Last month, the three-year anniversary of the Camp David debacle was marked by a three-day seminar hosted by Tel Aviv University, titled: "The Camp David Summit: What Went Wrong?" The revelations that have emerged from that summit pose a disquieting question: Was the meltdown of the peace process an avoidable consequence of misguided American diplomacy - President Clinton's affinity for Israeli Prime Minister Ehud Barak and his Labor Party?
On July 25, after two weeks of negotiations, the summit was concluded without an agreement between the Israelis and Palestinians. Prime Minister Barak had staked his tenure in office on concluding an agreement with the Palestinians and, as a result of this failure, his political survival was placed in jeopardy. His strategy, worked out in documents before the summit, stipulated that he place the blame for the failure squarely at the feet of Palestinian Chairman Yasir Arafat. In his statement to the press, Barak famously declared that, "Today we can look in the mirror and say that, during the past year, we have exhausted all the possibilities for ending the hundred-year-old conflict pitting us against the Palestinians Arafat was afraid of making the historic decisions [that were called for] to put an end to the conflict." Barak maintained that Arafat's rejection of his "generous offer" had exposed his "true face."
In the new book Shattered Dreams, the French journalist Charles Enderlin portrays the final discussions of the summit, when the decisions were made.
The Palestinians had worried about conducting such a high-risk summit from the outset. Arafat's insecurity is reflected in his repeated pursuit of guarantees from the Americans, often directly from President Clinton, in which he was reassured that if the negotiations collapsed he would not be labeled as the guilty party.
During the final meeting at Camp David, Palestinian negotiator Saeb Erekat stressed that, should final overtures fail to bridge the gap between the two parties, the discussions must be portrayed as a success. "If you present it as a failure," Erekat said, "the light will go out in the region, and I don't know when it will go back on." Later he reiterated this point. "Don't cast blame on anyone because that will lead to bloodshed!" But as the Palestinians were packing their bags, television was already broadcasting American and Israeli accusations that Arafat had made no concessions while Barak had staked his career on the premise of peace. Enraged, Erekat phoned Clinton's envoy to the Middle East, Dennis Ross. According to Enderlin, Ross explained that, "Barak needs this so he can face his internal difficulties in Israel."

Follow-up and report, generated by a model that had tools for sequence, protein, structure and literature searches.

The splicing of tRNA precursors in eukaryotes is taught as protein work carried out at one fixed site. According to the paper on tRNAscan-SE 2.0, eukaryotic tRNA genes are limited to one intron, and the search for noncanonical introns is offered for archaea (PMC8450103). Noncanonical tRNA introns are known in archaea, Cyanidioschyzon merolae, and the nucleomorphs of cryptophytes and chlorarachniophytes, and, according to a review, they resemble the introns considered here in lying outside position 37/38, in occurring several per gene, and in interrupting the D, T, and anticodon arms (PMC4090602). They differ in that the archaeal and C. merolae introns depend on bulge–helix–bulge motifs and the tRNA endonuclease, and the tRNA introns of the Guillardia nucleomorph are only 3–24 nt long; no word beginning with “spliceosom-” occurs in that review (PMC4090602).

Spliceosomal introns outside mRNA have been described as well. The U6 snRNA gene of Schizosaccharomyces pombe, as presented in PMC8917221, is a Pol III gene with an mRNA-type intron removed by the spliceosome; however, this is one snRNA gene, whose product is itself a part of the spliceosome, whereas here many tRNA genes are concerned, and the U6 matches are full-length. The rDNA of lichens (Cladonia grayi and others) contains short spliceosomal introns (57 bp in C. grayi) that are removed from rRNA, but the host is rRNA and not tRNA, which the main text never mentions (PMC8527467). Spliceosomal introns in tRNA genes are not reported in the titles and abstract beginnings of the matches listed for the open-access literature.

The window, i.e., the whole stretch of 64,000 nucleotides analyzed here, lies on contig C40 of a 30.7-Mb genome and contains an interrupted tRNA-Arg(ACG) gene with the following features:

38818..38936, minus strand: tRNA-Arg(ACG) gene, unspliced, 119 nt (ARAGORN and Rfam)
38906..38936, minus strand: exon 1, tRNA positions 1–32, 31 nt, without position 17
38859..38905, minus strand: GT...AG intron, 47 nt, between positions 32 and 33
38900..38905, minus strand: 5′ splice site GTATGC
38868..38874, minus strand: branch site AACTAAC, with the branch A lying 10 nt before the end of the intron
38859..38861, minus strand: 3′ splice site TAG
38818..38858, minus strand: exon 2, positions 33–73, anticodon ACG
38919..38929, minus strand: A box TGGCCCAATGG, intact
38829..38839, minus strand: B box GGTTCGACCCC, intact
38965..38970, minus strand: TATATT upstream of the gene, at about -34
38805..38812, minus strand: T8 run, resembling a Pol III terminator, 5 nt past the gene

Ross's statement reflects an effort by the Clinton administration to bolster the languishing Barak government, a futile policy that would come at the expense of the peace process itself. Barak's statements condemning Arafat had precipitated the collapse of the peace movement in Israel. In an interview with Israeli television the day after the summit, Clinton corroborated Barak's account of the negotiations, even going so far as to threaten to move the American embassy from Tel Aviv to Jerusalem. "We already have a plot of land," Clinton ominously added. These statements added to the perception that the region yet again faced a conflagration.
Negotiations continued through secret back channels in the following weeks, climaxing at Taba, where the parties moved closer toward agreement, though Barak's poll numbers at home plummeted. In September, with violence escalating, Dennis Ross received a call from Israeli Minister of the Interior, Shlomo Ben Ami, who notified him of an impending visit to the Temple Mount/Haram al-Sharif by Likud Party leader Ariel Sharon. The visit may have been technically legal, but it constituted an explosive provocation. Ross recalls replying: "I can think of a lot of bad ideas, but I can't think of a worse one."
Oslo collapsed under the strain. None of the parties bear the whole blame. Arafat is no paragon, but it is simplistic to attribute such a cataclysmic failure to one individual.
Three years later these two nations stand even further apart. Discredited by the collapse of the peace process, the Israeli Left has been cast adrift. Yet the outlines of a fair agreement remain intact, while core issues - Jerusalem, the Temple Mount /Haram al-Sharif, and refugees - require greater compromise by both sides. The conflict must be managed before it can ever be solved. Too much is at stake to allow the light to go out in the region again.